Edionisen were the five elders of Benin Kingdom during the reign of Oba Ewedo. Oba Ewedo called them "Emwan nei zama omwan" meaning "people who have no respect for their monarch". This name was later corrupted to Uzama. To avoid more power struggle, Oba Ewedo moved the kingdom seat of government from Usama to its present place in Benin City the heart of the kingdom.
Oba Oguola reigned in Benin Kingdom in about 1280 AD. He achieved a remarkable feat by digging the first and second moats to fortify the city from invaders.
He further instructed that a similar moat be built around notable towns and villages in the kingdom to serve as a defence mechanism. Twenty of such moats were erected around Benin during his reign. He also encouraged the systematic organisation of the ancient guild of brass casting in Benin kingdom.
Oba Ewuare, known as Oba Ewuare the Great by the Binis was one of the most prominent of the Benin Obas. He reigned in about 1440 AD and was helped by Emotan during the reign of Oba Uwaifiokun his usurper brother.
He is considered as the the greatest, the most revered, dynamic, innovative and successful monarch to have reign in Benin kingdom.
He introduced the royal beads and scarlet cloth (Ododo) which remains the Benin royal colour. The "ugie Ewere" began during his reign. He was also the first Oba to come in contact with Europeans. He encouraged ivory and wood carving in the kingdom.
He is said to have been a great mystic, physician, traveler and warrior. He constructed Akpakpava street which still exists till date. Oba Ewuare also created the inner city wall in Benin kingdom which still attracts tourist to Benin City.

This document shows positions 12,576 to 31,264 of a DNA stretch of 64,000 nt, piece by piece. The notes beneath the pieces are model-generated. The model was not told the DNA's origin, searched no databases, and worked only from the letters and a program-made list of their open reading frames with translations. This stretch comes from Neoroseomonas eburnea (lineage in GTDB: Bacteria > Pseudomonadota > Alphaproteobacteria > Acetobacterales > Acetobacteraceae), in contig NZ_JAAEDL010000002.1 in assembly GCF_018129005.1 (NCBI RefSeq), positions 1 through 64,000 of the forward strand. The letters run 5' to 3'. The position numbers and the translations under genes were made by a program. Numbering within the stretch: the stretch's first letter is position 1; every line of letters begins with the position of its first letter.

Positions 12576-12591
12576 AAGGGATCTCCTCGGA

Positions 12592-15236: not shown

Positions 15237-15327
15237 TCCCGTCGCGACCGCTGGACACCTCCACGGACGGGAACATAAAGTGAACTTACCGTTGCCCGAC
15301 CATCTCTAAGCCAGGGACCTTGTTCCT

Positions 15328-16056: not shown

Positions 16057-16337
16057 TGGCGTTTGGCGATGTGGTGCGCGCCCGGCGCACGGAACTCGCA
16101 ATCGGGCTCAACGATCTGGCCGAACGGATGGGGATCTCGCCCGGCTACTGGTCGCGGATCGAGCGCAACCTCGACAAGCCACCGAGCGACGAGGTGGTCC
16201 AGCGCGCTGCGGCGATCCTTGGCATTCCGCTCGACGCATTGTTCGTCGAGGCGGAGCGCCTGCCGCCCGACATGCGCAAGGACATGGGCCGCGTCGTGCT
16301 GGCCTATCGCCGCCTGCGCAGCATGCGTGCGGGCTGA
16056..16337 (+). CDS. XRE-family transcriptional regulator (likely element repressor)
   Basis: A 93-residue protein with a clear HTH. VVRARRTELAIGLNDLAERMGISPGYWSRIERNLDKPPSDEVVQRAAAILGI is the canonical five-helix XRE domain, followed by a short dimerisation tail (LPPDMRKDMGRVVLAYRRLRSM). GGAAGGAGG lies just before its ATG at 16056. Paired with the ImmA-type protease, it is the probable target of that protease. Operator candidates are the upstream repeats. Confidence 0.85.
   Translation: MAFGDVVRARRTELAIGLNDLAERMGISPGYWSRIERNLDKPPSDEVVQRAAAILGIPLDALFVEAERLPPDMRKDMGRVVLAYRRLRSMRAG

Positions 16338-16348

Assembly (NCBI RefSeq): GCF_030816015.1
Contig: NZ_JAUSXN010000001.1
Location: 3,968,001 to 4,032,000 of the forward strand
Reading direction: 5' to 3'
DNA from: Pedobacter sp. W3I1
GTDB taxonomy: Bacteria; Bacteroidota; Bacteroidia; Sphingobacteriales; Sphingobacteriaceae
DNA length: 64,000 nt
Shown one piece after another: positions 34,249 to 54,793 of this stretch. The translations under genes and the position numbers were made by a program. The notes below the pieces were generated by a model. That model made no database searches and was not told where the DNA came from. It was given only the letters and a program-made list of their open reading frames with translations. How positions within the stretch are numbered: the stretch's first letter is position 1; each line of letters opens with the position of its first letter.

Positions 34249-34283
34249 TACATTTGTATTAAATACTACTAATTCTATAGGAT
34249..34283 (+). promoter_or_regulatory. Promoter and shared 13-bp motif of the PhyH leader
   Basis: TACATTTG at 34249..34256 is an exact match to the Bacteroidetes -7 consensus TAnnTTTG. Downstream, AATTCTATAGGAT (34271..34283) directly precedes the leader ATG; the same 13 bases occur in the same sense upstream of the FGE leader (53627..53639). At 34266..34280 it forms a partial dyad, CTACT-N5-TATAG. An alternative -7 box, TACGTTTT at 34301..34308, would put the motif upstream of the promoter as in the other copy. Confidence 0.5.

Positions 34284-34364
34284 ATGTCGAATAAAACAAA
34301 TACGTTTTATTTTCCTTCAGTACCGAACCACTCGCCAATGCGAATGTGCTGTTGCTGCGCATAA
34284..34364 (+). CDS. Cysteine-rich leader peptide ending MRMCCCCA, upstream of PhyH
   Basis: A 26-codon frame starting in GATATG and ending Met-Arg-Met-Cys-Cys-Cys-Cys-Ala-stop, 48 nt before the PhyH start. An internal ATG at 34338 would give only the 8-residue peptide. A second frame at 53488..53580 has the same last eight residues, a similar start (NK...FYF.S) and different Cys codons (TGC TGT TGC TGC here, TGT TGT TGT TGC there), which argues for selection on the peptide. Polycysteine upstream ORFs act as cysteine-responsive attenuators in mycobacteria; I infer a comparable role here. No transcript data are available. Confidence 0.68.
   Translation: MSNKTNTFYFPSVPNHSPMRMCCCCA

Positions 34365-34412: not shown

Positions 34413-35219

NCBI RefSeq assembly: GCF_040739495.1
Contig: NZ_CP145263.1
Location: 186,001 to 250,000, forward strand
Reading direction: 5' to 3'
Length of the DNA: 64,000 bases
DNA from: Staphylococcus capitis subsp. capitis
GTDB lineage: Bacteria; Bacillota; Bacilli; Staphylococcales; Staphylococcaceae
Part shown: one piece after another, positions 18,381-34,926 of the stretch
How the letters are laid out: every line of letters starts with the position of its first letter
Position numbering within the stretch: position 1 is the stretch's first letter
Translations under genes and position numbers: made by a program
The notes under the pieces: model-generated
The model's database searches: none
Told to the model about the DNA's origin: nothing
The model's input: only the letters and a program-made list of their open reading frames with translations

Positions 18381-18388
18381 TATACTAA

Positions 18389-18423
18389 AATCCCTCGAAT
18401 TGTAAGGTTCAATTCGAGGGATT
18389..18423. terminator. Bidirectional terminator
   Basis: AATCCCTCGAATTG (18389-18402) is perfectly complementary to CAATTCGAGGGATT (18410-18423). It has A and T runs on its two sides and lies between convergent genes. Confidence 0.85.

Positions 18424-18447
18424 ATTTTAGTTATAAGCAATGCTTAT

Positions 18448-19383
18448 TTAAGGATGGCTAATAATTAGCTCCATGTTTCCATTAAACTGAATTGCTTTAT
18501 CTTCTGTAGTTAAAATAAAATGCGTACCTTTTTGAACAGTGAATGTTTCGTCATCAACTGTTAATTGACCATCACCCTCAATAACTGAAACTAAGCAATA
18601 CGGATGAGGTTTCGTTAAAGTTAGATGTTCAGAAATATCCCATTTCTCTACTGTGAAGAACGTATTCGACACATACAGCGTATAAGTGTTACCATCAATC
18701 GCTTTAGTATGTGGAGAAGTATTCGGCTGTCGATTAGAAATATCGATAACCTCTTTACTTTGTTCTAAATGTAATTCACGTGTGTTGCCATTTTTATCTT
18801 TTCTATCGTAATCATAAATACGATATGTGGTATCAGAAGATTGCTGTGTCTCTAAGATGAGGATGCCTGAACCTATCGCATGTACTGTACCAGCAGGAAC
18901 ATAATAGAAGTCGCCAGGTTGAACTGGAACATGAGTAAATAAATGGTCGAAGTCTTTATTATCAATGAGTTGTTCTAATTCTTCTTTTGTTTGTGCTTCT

Oba Esigie who reigned in Benin Kingdom in about 1504 AD is one of the leaders of thought who helped transform the kingdom into an empire.
European connection with the kingdom became stronger during his reign as Portuguese missionary activities were encouraged in the kingdom. He created a school following astrology (Iwoki) and could speak Portuguese language fluently.
He fought and defeated his brother Arhuanran (Goliath-type stature) the powerful ruler of Udo town some kilometres outside Benin City during the Benin-Udo war.
The title of Iyoba (Queen Mother) was created by Oba Esigie and was conferred for the first time on his mother Idia. He also built a palace for her, Eguae-Iyoba (Palace of the Queen mother) which is currently located at the lower part of Uselu, a suburban area in Benin City.